Photo 1 shows the finished painting on panel. What you can't see is that image extends around the edges of the panel, too. The best way to display a painting on panel in this state is on a decorative tabletop-style easel, since there is no way to securely attach any hanging mechanism for wall display. The nice thing about this display method is that the painting can be moved around, and placed on a side table, a book shelf, a dresser or other flat surface.

Photo 2 shows the 1/2"x3/4" strips that I have cut and glued along the edges to the backside of the painting panel. You can also see a screw eye on each side for attaching a wire.

Photo 3
is a corner view of the painting with the strips glued on. The wood strips are painted black for a more finished look. In this state, the painting can now be displayed on the wall, too— no frame necessary and ideal if you prefer a more contemporary look.

With the wood strips glued to the panel, the painting is also ready for mounting in a canvas floater frame. This style of frame is my favorite, since it allows the entire painting to be viewed right to the edges. Having a little space between the painting and the front face of the frame actually expands the painting's image, allowing it to "breathe." I think this is especially important for smaller paintings, where any cropping of the painting with traditional framing seems to make the image appear even smaller.

The nice thing about canvas floater frames is that they come in ready-to-frame sizes (I use the Illusions brand.) and in custom lengths for nonstandard sized framing for the do-it-yourselfer. I did use Rub-N-Buff to get the gold color on the face, since the 8x6 only comes in flat black finish.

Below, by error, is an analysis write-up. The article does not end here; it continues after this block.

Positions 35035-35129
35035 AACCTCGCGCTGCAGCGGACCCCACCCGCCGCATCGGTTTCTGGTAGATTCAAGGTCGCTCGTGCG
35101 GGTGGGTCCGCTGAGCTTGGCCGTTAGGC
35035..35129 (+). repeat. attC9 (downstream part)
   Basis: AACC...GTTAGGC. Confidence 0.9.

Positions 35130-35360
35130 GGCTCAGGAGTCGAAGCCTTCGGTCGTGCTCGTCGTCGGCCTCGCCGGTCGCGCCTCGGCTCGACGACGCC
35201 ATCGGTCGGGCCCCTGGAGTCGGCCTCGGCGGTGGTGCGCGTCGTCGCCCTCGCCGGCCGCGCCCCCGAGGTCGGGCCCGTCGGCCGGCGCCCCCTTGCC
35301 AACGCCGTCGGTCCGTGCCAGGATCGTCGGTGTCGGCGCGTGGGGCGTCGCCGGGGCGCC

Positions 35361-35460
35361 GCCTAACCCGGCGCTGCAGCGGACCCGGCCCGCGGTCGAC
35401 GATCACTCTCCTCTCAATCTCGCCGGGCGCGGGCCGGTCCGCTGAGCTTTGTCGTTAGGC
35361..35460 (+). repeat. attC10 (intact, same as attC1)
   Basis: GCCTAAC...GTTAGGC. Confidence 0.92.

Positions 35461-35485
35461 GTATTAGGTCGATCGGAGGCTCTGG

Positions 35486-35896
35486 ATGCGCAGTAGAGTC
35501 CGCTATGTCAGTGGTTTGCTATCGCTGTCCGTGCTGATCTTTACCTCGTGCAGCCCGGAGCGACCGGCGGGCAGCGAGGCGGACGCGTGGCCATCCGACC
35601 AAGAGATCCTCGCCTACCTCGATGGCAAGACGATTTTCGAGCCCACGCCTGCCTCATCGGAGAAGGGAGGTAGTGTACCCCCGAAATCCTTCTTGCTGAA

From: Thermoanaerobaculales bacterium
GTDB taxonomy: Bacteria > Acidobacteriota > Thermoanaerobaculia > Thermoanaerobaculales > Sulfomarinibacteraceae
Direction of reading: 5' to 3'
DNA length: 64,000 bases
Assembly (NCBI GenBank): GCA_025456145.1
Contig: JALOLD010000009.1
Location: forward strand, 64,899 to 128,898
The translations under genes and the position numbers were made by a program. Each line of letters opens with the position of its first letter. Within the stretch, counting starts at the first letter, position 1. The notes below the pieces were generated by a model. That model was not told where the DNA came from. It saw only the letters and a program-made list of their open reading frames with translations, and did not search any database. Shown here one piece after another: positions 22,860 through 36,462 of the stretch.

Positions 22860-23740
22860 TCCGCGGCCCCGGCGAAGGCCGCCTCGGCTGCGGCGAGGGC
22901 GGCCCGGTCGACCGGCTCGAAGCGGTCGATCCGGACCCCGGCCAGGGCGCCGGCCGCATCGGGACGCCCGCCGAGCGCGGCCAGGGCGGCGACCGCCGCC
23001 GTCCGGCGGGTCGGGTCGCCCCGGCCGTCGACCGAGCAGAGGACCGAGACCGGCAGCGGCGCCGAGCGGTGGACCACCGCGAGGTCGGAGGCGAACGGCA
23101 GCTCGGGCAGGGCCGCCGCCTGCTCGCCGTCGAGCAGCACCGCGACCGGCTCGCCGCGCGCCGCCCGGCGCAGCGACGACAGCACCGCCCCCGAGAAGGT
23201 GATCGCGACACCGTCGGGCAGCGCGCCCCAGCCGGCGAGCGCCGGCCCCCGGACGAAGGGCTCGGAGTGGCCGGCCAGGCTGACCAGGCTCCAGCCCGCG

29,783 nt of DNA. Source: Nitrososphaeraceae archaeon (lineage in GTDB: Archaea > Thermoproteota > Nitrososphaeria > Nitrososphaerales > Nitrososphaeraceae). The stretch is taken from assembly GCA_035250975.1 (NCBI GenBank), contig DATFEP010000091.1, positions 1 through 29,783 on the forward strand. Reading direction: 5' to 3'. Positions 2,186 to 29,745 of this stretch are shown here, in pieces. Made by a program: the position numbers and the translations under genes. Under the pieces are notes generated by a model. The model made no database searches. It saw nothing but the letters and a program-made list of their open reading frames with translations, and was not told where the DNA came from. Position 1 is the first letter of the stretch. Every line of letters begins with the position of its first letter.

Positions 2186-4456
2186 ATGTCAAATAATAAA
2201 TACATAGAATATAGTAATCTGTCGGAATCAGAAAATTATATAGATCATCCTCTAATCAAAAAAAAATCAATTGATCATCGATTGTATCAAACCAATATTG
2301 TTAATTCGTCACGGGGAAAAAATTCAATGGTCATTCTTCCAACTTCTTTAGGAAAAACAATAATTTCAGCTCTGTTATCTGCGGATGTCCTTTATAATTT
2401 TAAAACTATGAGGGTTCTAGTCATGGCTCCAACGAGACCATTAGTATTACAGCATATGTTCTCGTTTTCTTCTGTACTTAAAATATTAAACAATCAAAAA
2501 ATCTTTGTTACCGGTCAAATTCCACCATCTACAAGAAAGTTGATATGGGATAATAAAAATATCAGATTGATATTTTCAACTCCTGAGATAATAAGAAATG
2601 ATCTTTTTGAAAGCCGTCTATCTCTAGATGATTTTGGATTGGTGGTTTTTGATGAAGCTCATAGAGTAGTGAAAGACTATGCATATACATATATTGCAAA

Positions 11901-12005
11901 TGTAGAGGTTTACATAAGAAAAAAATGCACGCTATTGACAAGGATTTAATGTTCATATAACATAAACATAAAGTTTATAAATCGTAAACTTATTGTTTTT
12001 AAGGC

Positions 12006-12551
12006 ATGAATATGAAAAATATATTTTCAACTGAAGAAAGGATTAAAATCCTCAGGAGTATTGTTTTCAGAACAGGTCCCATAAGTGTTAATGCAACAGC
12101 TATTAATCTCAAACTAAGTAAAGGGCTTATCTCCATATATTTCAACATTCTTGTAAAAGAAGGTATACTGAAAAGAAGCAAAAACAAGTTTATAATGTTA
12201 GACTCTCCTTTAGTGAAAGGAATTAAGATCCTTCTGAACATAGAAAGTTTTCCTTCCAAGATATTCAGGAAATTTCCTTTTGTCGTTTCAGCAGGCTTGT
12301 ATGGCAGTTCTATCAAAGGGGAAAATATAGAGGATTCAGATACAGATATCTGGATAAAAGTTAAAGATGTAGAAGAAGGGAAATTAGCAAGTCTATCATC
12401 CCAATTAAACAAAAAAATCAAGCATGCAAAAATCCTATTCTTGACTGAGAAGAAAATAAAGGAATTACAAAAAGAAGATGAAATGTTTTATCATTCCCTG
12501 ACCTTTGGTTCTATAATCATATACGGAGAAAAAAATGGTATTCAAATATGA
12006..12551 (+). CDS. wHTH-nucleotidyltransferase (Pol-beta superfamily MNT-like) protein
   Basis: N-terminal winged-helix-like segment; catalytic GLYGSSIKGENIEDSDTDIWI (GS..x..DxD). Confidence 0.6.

Photo 4 shows the back of the painting, with the floater frame attached to the panel's strips. The bottom image is the painting, framed and ready to hang on the wall.

Thanks for taking a moment to read this blog. Have a good day.

Text and image ©2011 Carol Adamec. All rights reserved.

Tuesday, May 10, 2011

SunSet Strip #6

Sunset Strip #6 (with Palm), 2011
Original Painting: Oil, alkyd on 12" x 4" gessoed panel

Last week we enjoyed an afternoon shower, which made for lovely, dramatic clouds at sunset here in Florida. I grabbed my new Nikon CoolPix digital camera (a Christmas gift from my daughter and son-in-law: Thanks again, M&M!) and ran out the door to make several photos of the changing light and cloud forms. So far, I've gotten four new Sunset Strip paintings from that one evening of picture-taking. Nice!

These Sunset Strip paintings have prompted me to look for materials that provide a long skinny format. Mostly I've been painting on odd lengths of wood on hand, that I trim, sand, and prepare with gesso.

However, at the art store the other day, I came across a 12" x 4" birch panel that is ideal, and bought all they had. To the backside of the birch panel, I glue 3/4 x 1/2 inch wood strips around the perimeter, so that the panel will sit flat against the wall and a wire can be attached. I paint the edges of the painting and the wood strips for a finished look. No framing is necessary, but is still possible if the buyer would like to frame the painting. On one of my next blog posts I'll share some photos of how this all works.

Thanks for taking a moment to read this blog. Have a great day. –––––––––––––––––––––––––––––––––––––––––––––––
Text and image ©2011 Carol Adamec. All rights reserved.

Tuesday, May 3, 2011

Real Lemon

Real Lemon, 2011
Original Painting: Oil, alkyd on 4" x 6" panel

I think the title says it all. Thanks for taking a look.

Text and image ©2011 Carol Adamec. All rights reserved.